The Care and Feeding of New Teachers

  • Teachers & Tutors
Carroll Connection, Winter 2016

The first year of teaching in any new school is challenging. It’s even more so at Carroll—where we recognize that, for our population, the teacher’s skill is the #1 determinant of student success. “Even if you’ve taught before, your first year teaching at Carroll is like entering a foreign country,” says Allison West, Middle School Curriculum Director. “That’s why, over the past few years, we’ve made the choice to invest heavily in teachers’ first-year training.”

Carroll’s new teachers—seven in the Lower School this year and 16 in the Middle School—appreciate the effort. At the summer’s end, they came back two days before the rest of the faculty for orientation. They now meet monthly for a series of Friday morning workshops. “It might be to look at new standardized assessments or at assessments for students from their own classrooms,” says Lower School Curriculum Director Glens Colman. 

The group has lunch together every Friday before the monthly professional development session, where they discuss topics such as preparing for parent conferences or IEP meetings. Every new teacher also has a coach who meets with him or her weekly to provide support throughout their first year. “That’s important because we want them to feel comfortable and proficient,” West notes.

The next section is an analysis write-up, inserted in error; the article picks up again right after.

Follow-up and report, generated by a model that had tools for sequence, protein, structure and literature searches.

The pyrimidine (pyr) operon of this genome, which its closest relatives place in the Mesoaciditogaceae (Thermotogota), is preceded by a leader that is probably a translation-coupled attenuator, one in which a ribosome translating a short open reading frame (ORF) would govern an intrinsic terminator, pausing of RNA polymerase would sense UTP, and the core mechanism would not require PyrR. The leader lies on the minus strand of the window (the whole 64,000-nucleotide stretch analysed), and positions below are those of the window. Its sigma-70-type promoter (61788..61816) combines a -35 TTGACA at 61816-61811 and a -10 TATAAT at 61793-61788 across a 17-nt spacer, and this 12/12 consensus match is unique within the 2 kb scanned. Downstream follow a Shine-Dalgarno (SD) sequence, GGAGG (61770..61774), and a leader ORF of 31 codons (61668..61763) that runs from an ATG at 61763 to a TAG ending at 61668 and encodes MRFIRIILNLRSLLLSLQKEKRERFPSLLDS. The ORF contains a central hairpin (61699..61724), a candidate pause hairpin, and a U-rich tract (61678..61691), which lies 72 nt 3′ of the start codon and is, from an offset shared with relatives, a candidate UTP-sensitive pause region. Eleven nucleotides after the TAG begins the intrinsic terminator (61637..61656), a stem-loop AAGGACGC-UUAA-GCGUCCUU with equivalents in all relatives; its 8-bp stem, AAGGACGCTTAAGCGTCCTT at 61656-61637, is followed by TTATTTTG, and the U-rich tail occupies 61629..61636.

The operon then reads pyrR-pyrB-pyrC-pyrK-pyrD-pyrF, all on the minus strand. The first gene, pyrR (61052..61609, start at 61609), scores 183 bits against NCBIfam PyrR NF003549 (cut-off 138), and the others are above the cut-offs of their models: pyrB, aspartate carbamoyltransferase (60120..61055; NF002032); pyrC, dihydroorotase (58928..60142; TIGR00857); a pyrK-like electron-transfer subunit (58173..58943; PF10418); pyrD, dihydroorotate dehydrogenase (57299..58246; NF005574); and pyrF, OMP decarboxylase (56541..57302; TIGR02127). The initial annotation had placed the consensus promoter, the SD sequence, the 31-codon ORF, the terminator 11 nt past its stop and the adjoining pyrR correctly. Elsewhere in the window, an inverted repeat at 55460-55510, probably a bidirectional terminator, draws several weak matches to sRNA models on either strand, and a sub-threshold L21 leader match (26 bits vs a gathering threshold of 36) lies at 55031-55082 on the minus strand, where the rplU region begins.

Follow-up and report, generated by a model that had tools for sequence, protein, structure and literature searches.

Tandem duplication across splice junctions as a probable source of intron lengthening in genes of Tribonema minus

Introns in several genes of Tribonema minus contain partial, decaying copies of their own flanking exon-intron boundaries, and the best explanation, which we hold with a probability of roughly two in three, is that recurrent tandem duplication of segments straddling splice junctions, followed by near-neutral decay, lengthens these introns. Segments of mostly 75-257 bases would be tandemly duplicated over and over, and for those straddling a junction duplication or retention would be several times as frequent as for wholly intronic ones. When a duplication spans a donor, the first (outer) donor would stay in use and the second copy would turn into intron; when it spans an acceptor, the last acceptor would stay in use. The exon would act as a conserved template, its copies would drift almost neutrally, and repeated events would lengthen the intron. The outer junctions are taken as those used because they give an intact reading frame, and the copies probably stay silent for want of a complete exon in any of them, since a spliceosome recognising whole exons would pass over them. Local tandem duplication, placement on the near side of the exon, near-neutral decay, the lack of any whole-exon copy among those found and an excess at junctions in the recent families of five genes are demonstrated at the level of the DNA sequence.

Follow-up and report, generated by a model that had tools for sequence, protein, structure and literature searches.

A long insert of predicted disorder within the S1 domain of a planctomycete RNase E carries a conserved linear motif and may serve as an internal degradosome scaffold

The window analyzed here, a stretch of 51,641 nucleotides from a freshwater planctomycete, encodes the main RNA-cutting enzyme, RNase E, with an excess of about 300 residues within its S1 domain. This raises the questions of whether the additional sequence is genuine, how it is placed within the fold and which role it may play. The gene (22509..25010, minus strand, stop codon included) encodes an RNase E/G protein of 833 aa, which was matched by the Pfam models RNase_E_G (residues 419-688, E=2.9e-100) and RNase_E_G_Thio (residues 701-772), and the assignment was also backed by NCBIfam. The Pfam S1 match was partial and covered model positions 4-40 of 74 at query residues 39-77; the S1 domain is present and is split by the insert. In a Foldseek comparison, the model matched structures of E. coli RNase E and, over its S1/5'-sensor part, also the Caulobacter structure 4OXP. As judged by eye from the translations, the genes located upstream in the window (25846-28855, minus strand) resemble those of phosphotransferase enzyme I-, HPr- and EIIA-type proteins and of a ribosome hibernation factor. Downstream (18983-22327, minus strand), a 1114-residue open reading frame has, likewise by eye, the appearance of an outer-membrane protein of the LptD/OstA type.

The new approach is paying dividends. “My first year at Carroll has been a whirlwind of names, acronyms, rituals, and learning,” says Andrea Lordan, a Middle School math teacher. “Both the formal and informal training have been incredibly helpful getting me acclimated.”

“I’ve found that the teacher orientations have broadened my understanding of our students’ profiles and expanded what I account for in my lesson plans,” says Phil Newman, who teaches Middle School history. “Overall, I think I’m in a better position to meet my students’ wide variety of needs.”

Catherine Hirsch, a Lower School teacher on the fourth grade team, enjoys the opportunities to talk with other new faculty. “There’s not a lot of time during the day to just chat,” she observes. “The lunches in particular have created a sense of community for the new teachers, which I’ve found really helpful. Carroll has been so welcoming—I think the school does its best to support teachers.”

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